Temperature driven changes in benthic bacterial diversity influences biogeochemical cycling in coastal sediments
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Marine sediments are important sites for global biogeochemical cycling, mediated by macrofauna and microalgae. However, it is the microorganisms that drive these key processes. There is strong evidence that coastal benthic habitats will be affected by changing environmental variables (rising temperature, elevated CO2), and research has generally focused on the impact on macrofaunal biodiversity and ecosystem services. Despite their importance, there is less understanding of how microbial community assemblages will respond to environmental changes. In this study, a manipulative mesocosm experiment was employed, using next-generation sequencing to assess changes in microbial communities under future environmental change scenarios. Illumina sequencing generated over 11 million 16S rRNA gene sequences sequences (using a primer set biased towards bacteria) and revealed Bacteroidetes and Proteobacteria dominated the total bacterial community of sediment samples. In this study, the sequencing coverage and depth revealed clear changes in species abundance within some phyla. Bacterial community composition was correlated with simulated environmental conditions, and species level community composition was significantly influenced by the mean temperature of the environmental regime (p = 0.002), but not by variation in CO2 or diurnal temperature variation. Species level changes with increasing mean temperature corresponded with changes in NH4 concentration, suggesting there is no functional redundancy in microbial communities for nitrogen cycling. Marine coastal biogeochemical cycling under future environmental conditions is likely to be driven by changes in nutrient availability as a direct result of microbial activity.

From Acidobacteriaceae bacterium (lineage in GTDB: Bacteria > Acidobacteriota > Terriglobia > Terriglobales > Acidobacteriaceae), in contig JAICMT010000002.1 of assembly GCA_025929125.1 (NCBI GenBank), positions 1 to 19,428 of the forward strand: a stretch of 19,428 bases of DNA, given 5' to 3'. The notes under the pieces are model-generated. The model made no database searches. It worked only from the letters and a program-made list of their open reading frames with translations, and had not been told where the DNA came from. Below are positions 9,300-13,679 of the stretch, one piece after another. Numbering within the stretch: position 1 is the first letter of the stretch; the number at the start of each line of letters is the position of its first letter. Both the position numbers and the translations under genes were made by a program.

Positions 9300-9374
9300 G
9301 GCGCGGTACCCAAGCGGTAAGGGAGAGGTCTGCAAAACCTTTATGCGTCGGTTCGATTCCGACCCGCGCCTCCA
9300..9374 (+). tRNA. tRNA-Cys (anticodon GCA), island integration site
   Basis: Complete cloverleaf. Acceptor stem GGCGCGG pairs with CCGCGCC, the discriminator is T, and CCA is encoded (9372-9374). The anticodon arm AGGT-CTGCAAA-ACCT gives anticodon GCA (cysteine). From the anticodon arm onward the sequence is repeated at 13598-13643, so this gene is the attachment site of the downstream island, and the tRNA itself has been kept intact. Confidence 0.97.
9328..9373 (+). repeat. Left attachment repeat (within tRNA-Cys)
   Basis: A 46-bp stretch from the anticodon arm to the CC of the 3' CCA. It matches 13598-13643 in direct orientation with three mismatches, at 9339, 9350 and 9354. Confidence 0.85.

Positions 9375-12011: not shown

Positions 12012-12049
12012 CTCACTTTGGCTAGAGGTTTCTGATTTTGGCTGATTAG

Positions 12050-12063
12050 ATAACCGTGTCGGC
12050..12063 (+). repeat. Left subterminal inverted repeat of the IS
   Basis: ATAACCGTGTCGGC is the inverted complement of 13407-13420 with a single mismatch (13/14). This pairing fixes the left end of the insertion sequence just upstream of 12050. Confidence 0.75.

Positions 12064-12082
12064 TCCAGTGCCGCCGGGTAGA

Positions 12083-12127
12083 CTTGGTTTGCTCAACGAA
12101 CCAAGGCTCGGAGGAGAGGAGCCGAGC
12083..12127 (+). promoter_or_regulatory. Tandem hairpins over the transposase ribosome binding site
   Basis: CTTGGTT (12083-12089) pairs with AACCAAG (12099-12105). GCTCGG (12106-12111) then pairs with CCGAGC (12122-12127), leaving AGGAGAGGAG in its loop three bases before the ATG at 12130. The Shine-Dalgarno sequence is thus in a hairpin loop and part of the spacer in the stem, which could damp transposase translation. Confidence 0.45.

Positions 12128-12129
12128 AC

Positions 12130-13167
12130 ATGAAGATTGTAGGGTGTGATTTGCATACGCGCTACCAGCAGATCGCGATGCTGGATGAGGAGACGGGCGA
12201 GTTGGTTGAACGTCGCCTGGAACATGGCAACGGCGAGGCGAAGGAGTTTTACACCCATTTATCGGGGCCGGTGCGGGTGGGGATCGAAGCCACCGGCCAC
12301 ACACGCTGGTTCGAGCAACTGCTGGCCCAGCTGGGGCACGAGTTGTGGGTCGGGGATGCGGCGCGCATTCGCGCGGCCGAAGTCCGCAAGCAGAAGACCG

Hicks , N , Liu , X , Gregory , R , Kenny , J , Lucaci , A , Lenzi , L , Paterson , D M & Duncan , K R 2018 , ' Temperature driven changes in benthic bacterial diversity influences biogeochemical cycling in coastal sediments ' , Frontiers in Microbiology , vol. 9 , 1730 . https://doi.org/10.3389/fmicb.2018.01730
Frontiers in Microbiology
Copyright © 2018 Hicks, Liu, Gregory, Kenny, Lucaci, Lenzi, Paterson and Duncan. This is an open-access article distributed under the terms of the Creative Commons Attribution License (CC BY). The use, distribution or reproduction in other forums is permitted, provided the original author(s) and the copyright owner(s) are credited and that the original publication in this journal is cited, in accordance with accepted academic practice. No use, distribution or reproduction is permitted which does not comply with these terms.
DescriptionThe authors would like to acknowledge funding from the Natural Environmental Research Council (NERC) grant NE/E006795/1 and the Pilot Competition grant number NBAF908 NBAF-L. PCR amplification, sequencing and taxonomic analysis was carried out at the NERC Biomolecular Analysis Facility (NBAF), Liverpool, UK. This work received funding from the MASTS pooling initiative (The Marine Alliance for Science and Technology for Scotland) and their support is gratefully acknowledged. MASTS is funded by the Scottish Funding Council (grant reference HR09011) and contributing institutions.
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